At the end of the fourth month you have $40,500 so you leave $1,000 in your bankroll and take $3,000 as profit. This makes your new bankroll amount $37,500.
Looking at the four month totals you've been able to grow your bankroll by $7,500 and you've taken $9,500 in profit. This is a nice accomplishment, especially considering that you had a losing month.
On the surface this doesn't look like it has anything to do with the size of your bankroll, but it has everything to do with it.
But in the short run you're going to lose almost as often as you win. If your bankroll is too small you may be forced to fold and wait for a larger edge in order to protect your ability to continue playing.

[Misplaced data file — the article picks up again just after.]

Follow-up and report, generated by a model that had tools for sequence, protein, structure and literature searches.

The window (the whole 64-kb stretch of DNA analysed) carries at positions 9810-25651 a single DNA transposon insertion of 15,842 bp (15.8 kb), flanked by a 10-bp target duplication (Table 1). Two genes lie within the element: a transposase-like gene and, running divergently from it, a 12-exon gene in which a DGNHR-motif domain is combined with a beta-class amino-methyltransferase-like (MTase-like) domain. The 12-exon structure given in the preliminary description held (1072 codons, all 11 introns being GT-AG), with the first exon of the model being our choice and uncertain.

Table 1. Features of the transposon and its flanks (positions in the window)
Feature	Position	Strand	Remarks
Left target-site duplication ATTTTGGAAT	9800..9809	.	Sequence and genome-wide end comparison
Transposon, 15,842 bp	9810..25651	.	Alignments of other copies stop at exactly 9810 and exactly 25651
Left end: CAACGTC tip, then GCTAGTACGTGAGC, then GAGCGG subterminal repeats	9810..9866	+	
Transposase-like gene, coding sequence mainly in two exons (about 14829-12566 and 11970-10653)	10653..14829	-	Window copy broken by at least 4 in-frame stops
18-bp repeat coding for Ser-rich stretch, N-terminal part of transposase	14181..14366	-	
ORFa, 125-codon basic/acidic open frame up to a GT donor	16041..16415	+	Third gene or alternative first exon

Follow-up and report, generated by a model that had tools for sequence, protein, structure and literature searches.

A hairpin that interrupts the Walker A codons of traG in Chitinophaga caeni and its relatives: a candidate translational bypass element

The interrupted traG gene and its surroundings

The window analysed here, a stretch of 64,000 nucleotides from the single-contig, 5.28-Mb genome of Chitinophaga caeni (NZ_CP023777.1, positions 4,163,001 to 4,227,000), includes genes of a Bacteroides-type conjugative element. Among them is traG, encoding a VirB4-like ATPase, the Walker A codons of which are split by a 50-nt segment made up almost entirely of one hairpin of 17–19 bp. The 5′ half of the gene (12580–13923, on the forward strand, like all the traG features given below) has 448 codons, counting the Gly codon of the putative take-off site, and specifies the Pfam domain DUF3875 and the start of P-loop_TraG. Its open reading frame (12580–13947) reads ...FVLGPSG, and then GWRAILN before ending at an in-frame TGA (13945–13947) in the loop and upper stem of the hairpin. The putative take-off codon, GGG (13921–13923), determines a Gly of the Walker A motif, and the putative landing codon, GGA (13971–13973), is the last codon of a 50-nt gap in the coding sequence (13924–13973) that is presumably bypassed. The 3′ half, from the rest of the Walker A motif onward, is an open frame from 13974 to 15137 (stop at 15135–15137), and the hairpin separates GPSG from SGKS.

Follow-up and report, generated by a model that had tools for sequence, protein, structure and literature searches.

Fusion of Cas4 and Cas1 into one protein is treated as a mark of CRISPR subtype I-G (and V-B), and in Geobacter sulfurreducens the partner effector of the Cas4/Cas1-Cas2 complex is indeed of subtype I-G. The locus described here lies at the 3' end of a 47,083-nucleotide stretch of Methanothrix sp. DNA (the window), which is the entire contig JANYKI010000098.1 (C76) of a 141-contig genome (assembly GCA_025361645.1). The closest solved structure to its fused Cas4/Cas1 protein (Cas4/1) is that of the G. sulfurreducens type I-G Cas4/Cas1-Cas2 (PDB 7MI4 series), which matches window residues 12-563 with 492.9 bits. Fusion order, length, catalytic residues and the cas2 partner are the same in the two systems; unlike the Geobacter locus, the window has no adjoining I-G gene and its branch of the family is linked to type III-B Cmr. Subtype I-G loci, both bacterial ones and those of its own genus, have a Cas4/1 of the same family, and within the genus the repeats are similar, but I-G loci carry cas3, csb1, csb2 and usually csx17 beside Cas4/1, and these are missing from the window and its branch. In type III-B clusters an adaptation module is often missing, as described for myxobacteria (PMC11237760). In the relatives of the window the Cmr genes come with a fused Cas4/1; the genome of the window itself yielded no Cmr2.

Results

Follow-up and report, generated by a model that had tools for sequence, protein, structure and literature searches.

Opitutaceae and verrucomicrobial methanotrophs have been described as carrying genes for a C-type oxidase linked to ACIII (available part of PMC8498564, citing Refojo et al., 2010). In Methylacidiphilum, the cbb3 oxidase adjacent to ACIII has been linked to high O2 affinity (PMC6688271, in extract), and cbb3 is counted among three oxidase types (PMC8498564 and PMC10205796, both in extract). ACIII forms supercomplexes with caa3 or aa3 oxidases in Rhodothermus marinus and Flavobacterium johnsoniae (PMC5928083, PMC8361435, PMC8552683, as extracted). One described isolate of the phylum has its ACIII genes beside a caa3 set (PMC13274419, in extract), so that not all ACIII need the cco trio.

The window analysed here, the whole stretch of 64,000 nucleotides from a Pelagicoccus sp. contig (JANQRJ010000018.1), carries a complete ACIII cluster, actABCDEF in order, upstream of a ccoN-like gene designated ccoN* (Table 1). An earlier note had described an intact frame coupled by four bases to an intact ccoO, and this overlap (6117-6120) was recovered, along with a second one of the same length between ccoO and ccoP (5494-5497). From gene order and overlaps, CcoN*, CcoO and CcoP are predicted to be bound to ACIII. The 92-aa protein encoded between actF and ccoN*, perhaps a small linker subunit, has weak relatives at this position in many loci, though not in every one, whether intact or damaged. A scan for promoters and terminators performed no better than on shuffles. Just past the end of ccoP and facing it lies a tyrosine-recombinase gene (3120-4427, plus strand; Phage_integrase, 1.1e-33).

To be a winning Texas holdem player you need to play in positive expectation situations and avoid playing in negative expectation ones.
Let's determine the expectation in this situation.
If you play this situation 1,000 times you'll win roughly 503 times and lose 497 times. If the amount you call is $1,000 your total investment over 1,000 hands is $1,000,000. The 503 times you win you get back your $1,000 and win your opponent's $1,000. This totals $1,006,000 making a profit of $6,000 over 1,000 hands.
This gives you a positive expectation of $6 per hand. In other words you win on average $6 every time you make this call. You determine this by dividing the $6,000 profit by the 1,000 hands you play.
In a normal investment risking $1,000 to win $6 may not be advisable, but in the long run the percentages always work out exactly how they're supposed to so if your bankroll can stand the swings you make this call every time.